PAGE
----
We might catch the same sort of cancer from the same carcinogen as a dog, but it’s highly unlikely a dog’s cancer cell could settle amid our healthy people cells and metastasize. But here a cancer in mollusks that has done just that. No one knows how, though there is one revolting hypothesis that it comes in excrement that floats on in with sea water, a mussel leukemia transmitted in the way we transmit cholera, though all we ever did was drink and bathe in the water, while mussels eat and breathe it. The sea is their air. Imagine breathing in cholera laden air, as if all the old ideas of bad air causing epidemics (“malaria” comes from the Italian for bad air, mal aria) were true. Perhaps that is how this cancer (a mussel leukemia) spreads. Not that the mussels are thinking about it. But I am, and the entire idea is creepy. You have to wonder how often this happens. In a small population a contagious cancer could theoretically push a species to the point of no return. Perhaps even a hominid species. What have the evolutionary implications been over the past half billion years as cancers crossed from one species to another closely related species? Has genetic variation been driven, in some small sense, by mutations that allowed an individual to fend off the wandering cancer cells from a closely related species that had devastated his otherwise identical siblings?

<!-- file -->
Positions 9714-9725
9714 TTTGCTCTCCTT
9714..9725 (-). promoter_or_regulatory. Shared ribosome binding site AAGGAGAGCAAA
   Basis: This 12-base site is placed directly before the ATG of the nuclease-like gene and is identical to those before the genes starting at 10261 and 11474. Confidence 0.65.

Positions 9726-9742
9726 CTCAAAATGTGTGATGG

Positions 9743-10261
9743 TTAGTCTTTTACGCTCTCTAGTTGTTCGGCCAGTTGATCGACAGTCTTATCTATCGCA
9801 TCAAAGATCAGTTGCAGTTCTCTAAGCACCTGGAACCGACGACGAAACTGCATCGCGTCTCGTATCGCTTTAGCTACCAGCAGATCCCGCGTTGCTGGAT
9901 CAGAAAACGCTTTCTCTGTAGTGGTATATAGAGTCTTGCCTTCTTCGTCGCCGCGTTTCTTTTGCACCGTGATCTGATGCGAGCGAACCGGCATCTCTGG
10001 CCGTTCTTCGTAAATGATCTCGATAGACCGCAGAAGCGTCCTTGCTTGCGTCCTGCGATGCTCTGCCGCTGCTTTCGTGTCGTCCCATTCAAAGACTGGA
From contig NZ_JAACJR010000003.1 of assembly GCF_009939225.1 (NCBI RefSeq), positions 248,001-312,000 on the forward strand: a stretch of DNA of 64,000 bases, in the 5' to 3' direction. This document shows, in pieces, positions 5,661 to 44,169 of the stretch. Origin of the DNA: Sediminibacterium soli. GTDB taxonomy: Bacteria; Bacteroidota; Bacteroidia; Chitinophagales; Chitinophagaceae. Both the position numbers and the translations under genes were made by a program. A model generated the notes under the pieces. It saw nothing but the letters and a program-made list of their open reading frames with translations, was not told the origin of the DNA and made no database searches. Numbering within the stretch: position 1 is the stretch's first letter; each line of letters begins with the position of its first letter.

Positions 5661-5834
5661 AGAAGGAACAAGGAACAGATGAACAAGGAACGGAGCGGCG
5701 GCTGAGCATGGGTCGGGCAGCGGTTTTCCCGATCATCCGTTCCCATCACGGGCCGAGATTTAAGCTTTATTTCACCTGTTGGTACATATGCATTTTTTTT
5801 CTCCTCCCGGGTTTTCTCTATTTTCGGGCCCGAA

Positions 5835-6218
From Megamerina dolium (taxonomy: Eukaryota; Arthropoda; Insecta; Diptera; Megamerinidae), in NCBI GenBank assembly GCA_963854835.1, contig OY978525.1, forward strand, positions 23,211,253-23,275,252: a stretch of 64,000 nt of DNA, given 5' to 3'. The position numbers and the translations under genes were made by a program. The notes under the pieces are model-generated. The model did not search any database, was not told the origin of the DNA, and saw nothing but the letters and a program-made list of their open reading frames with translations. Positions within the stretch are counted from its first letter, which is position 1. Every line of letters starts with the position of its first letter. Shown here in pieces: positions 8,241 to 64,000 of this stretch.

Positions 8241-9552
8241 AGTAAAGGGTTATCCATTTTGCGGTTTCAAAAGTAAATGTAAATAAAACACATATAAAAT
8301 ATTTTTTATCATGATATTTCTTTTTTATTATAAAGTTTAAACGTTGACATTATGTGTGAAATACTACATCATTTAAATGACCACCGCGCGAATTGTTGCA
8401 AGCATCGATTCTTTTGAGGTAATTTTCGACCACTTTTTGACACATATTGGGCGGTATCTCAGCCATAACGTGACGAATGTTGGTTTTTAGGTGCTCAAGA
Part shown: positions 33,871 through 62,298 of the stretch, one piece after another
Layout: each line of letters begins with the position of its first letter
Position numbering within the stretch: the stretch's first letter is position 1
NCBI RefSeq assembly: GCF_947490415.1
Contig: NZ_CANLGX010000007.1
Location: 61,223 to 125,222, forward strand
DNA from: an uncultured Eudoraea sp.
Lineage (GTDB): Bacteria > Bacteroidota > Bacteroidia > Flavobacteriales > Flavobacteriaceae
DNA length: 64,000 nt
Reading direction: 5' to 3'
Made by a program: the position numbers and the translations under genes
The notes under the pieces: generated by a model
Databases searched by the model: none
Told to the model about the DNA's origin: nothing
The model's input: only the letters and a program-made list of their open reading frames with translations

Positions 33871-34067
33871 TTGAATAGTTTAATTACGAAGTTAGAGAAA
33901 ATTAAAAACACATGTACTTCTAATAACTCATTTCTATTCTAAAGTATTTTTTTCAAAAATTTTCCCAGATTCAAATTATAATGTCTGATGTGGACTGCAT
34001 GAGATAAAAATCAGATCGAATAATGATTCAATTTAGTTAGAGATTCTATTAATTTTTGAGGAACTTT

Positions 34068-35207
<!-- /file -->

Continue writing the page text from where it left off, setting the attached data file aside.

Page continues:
Thinking about cancer is bad enough. But thinking about contagious cancer gives me the willies. Change the subject, please.